Luke’s last bit of advice for hard conversations is to go in with solutions. Instead of saying, “Here’s my stance, what’s yours?” after presenting a problem, instead try “Here are two or three ways we can go about this, which would you prefer?” Giving clients and partners solutions shows that you are a problem solver who is keeping their interests in the forefront.
Negotiating happens in every aspect of your life. You negotiate with your spouse, your friends, your family and at work. However you can’t win every negotiation and sometimes mistakes are bound to happen. That can be especially hard in a work setting where mistakes are made by someone on your team or someone you’re managing. While you personally didn’t make the error, the buck stops with you, and it’s your job to fix it. Luke’s anecdote about a boss who gave him a second chance after an epic mistake shows how simple acts of kindness can ripple out and effect the trajectory of someone’s entire career and life.
Luke’s mission is to create lasting mentorship programs at any organization he’s at. To him leaving something behind once he moves on from a job is fulfilling and helpful to those coming up in the industry. He knows how meaningful it is to have people who invest in your career as Luke has had 18 bosses in 19 years! While some might be shocked (I certainly was!) Luke has handled it with grace explaining that he’s learned something from each of them. While not all of his bosses, or coworkers for that matter, have been great it’s helpful as even the bad bosses can help you learn! Whether it is good or bad every situation can be turned into a learning opportunity!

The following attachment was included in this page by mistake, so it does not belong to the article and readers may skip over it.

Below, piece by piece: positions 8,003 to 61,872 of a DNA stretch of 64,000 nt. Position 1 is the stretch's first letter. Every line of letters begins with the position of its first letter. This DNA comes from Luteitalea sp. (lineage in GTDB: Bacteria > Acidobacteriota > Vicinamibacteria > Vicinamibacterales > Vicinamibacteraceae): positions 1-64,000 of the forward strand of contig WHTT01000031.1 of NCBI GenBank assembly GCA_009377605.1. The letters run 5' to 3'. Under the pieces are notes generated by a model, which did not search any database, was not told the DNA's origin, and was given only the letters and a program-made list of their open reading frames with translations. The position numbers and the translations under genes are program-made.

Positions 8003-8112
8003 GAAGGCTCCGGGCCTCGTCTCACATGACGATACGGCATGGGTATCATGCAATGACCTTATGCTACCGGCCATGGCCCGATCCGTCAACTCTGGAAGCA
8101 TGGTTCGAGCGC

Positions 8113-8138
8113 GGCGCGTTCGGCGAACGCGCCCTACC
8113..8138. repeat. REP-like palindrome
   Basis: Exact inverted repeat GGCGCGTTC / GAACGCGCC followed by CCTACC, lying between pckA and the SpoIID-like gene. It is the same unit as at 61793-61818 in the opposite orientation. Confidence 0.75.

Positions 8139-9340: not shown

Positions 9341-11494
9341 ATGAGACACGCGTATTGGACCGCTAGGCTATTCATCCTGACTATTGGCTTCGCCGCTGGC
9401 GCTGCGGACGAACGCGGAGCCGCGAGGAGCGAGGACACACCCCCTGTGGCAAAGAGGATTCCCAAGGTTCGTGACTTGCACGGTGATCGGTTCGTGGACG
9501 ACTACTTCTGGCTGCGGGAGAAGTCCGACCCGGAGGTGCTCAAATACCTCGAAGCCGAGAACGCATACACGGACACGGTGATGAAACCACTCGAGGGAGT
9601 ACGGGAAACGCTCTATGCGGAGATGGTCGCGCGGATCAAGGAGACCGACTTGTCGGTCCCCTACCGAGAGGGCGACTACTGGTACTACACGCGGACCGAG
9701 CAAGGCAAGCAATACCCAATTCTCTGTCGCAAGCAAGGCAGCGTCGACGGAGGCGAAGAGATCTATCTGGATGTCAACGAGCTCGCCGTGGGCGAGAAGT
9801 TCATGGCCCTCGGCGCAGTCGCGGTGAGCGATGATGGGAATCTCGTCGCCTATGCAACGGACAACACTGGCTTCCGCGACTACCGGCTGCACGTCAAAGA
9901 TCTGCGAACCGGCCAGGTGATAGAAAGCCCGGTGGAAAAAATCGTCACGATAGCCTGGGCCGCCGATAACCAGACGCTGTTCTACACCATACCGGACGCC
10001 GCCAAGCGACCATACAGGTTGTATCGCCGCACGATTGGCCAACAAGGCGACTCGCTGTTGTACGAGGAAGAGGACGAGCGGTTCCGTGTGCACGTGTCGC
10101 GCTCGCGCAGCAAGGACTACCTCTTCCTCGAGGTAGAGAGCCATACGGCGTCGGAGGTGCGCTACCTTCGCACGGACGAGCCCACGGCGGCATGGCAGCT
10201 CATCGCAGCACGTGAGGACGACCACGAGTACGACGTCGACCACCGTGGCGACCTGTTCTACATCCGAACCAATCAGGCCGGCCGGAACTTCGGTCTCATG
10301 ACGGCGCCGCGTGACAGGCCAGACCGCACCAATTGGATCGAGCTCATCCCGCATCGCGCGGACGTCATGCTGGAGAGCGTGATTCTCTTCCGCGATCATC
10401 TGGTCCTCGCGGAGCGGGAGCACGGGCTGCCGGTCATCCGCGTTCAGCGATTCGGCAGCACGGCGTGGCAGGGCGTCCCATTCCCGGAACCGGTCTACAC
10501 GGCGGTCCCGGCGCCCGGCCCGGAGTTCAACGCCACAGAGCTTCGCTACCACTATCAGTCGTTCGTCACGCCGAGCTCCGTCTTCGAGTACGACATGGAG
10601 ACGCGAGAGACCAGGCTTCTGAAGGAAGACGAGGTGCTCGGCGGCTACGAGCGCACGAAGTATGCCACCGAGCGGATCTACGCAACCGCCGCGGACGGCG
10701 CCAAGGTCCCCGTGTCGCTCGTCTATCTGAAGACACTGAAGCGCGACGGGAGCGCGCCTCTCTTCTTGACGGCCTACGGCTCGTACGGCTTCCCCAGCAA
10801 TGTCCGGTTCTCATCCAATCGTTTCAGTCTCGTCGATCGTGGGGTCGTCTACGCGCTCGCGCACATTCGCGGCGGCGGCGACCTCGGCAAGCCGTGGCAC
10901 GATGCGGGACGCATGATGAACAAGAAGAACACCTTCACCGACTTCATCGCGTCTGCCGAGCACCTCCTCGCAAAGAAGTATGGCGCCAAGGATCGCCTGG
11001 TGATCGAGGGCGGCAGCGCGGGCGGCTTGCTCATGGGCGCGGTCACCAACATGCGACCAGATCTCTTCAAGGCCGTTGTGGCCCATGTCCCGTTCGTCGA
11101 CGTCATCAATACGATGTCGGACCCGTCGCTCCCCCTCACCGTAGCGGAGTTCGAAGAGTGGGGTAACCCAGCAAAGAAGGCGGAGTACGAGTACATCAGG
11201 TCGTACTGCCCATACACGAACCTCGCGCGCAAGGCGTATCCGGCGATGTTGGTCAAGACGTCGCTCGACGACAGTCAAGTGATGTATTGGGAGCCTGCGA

1. Take a deep breath. Get some perspective.
2. Scenario plan. If he/she responds this way, what will happen? What will I say if they respond with X or with Y?
3. Involve others that can help. The more the merrier when it comes to problem solving.
Best app/program you’ve started using lately? iTranslate
What is the best gift you’ve given yourself or done for yourself in the last year? Peloton
Favorite Podcast/Newsletter/Resource/person that you learn from? Pod Save America and Pod Save the World
If you can put one thing on a billboard, what will it be? Put yourself in somebody else’s shoes.
What is one thing everyone should try THIS WEEK? Try to reach out to as many old friends as possible and watch American Experience, the History of New York.
What’s one thing you want to get better at? Golf
Next week’s guest entrepreneur Brooke Thomas from Live Out Loud. Brooke took her stage 3 cancer diagnosis & turned it into fuel to become a successful CEO building several 7-figure businesses. Her podcast, Live Out Loud, promotes faith-based business, career and life advice and is a must listen for women looking for motivation and inspiration. You’re going to fall in love with her and her story!
RSVP here to join us.